The numbers themselves defy belief. The USA was instrumental in bringing Saddam Hussein to power, and is thus indirectly and partially responsible for his crimes and misadventures.  Iraq's war with Iran was partially engineered by the USA and its weapons' manufacturers, sustaining a cataclysm that may have caused, to both sides combined, some 1,000,000 deaths and 2,000,000 injuries. The subsequent USA-imposed economic strangulation (1990-2003) has been probably responsible for the death of an additional 1,000,000 Iraqis, and, since 2003, the invasion and occupation of Iraq caused the loss of some 600,000 lives. The number of maimed and injured since 2003 is, most likely, even higher than 600,000. The number of refugees probably exceeds 1,000,000. Thus, over the past 26 years or so, as a result of Anglo-American interventions and their shock and awe tactics, perhaps 7% of the Iraqi people have been directly or indirectly murdered, another 7% might have been physically injured, and yet another 7% forced into exile. Moreover, most surviving Iraqis have suffered psychological traumas and shell shocks that might haunt them for the rest of their lives. To add insult to injury, many of the victims have been children and other innocent bystanders. One can legitimately argue about these order-of-magnitude estimates and the extent to which these upheavals slowed down population growth in Iraq, in part because one must infer these very estimates from what the killers themselves choose to divulge. Notwithstanding such uncertainties, the deliberate, virtually unilateral, carnage is on a sufficiently large scale to be considered a genocide.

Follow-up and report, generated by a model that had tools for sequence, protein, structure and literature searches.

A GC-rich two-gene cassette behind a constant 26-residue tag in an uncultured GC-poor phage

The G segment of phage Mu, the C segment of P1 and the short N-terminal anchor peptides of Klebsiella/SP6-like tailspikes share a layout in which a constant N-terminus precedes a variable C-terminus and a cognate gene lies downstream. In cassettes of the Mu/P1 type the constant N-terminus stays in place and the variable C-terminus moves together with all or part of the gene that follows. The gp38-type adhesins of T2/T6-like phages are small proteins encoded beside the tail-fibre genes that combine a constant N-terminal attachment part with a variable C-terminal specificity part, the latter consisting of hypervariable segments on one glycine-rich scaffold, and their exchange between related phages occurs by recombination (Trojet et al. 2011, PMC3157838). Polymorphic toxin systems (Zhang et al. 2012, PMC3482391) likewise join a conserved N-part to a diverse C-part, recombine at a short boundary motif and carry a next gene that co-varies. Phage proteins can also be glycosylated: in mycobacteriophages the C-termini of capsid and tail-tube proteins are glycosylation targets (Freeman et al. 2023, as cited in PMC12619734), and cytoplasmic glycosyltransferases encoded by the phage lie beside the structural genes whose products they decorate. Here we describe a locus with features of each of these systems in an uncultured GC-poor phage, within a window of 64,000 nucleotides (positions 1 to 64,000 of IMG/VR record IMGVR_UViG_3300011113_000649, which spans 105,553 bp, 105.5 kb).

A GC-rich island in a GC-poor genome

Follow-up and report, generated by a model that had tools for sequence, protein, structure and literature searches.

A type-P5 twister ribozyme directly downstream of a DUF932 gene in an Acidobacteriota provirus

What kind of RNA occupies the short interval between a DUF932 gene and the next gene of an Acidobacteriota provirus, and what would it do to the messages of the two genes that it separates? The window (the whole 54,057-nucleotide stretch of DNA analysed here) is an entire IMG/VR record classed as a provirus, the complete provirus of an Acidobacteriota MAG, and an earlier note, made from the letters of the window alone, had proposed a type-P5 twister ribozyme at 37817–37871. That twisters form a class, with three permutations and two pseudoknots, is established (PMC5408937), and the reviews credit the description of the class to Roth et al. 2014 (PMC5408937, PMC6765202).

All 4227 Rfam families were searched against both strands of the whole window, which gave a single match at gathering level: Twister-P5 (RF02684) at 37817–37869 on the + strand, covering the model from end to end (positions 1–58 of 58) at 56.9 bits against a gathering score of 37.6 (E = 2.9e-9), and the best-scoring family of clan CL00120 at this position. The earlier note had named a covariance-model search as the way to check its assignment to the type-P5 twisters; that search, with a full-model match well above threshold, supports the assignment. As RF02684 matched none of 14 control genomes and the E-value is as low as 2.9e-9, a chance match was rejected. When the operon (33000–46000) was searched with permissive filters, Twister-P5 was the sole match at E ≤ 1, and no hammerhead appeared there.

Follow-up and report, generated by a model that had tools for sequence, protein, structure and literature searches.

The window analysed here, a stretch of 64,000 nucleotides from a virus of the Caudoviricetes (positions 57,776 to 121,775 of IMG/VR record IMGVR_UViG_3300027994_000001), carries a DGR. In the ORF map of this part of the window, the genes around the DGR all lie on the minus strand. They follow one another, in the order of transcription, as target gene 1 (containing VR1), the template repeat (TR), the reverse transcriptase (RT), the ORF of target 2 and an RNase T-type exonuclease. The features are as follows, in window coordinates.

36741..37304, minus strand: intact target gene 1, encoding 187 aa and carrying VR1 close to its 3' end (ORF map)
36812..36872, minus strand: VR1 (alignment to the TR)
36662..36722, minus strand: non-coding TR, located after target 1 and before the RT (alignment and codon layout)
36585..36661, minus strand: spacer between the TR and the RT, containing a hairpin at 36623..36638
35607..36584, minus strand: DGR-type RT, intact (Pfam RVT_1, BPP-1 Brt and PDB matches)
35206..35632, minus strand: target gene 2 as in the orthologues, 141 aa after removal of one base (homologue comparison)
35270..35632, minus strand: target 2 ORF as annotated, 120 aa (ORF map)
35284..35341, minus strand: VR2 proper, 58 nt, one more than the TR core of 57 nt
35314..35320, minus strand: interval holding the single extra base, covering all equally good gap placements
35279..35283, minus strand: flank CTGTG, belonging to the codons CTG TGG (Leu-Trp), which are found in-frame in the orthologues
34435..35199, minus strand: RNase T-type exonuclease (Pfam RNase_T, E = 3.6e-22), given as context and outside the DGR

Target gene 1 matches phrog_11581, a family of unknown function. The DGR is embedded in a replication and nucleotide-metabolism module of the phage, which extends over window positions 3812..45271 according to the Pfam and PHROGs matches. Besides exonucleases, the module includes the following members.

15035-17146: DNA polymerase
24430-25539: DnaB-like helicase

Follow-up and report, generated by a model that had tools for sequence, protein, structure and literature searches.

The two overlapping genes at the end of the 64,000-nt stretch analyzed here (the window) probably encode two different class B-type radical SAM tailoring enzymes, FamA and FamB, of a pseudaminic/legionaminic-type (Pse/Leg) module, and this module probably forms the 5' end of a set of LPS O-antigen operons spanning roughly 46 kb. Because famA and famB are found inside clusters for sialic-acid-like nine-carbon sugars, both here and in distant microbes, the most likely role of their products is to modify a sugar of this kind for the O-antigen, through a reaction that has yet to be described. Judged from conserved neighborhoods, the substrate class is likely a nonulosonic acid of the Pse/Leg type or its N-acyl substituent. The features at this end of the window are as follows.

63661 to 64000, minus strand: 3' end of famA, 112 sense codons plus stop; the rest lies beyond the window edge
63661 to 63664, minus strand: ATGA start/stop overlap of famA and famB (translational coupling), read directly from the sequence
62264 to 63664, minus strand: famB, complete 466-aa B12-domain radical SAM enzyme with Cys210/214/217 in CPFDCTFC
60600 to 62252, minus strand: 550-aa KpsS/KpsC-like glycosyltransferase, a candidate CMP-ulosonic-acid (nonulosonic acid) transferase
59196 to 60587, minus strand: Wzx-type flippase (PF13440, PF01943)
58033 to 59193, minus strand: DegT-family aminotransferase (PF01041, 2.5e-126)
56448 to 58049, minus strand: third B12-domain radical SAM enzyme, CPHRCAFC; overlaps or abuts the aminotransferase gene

At the same time, Iraq's oil wealth has been appropriated by the neo-colonialists. For the real rulers of the USA -- the power players in the shadows, the big bankers, oil men, arms merchants, the Israeli lobby, the people who predetermine who wins and loses any given Federal, state, and local election -- Iraq, like any other imperialistic project, has been a bonanza.  These tycoons have made billions, and they are intent on making more. That they do not anticipate ever leaving Iraq is evident from the installation of vast permanent military bases in that occupied land, at a staggering cost to the long-suffering, mostly decent but hoodwinked, American people.  Wanted or not, these lovers of skulls and bones (always from a safe distance, of course) plan to keep these bases at least for as long as the palm trees shall grow and the oil flow.  They are interested, as Henry Kissinger cynically explained, in undercover actions, not in social work.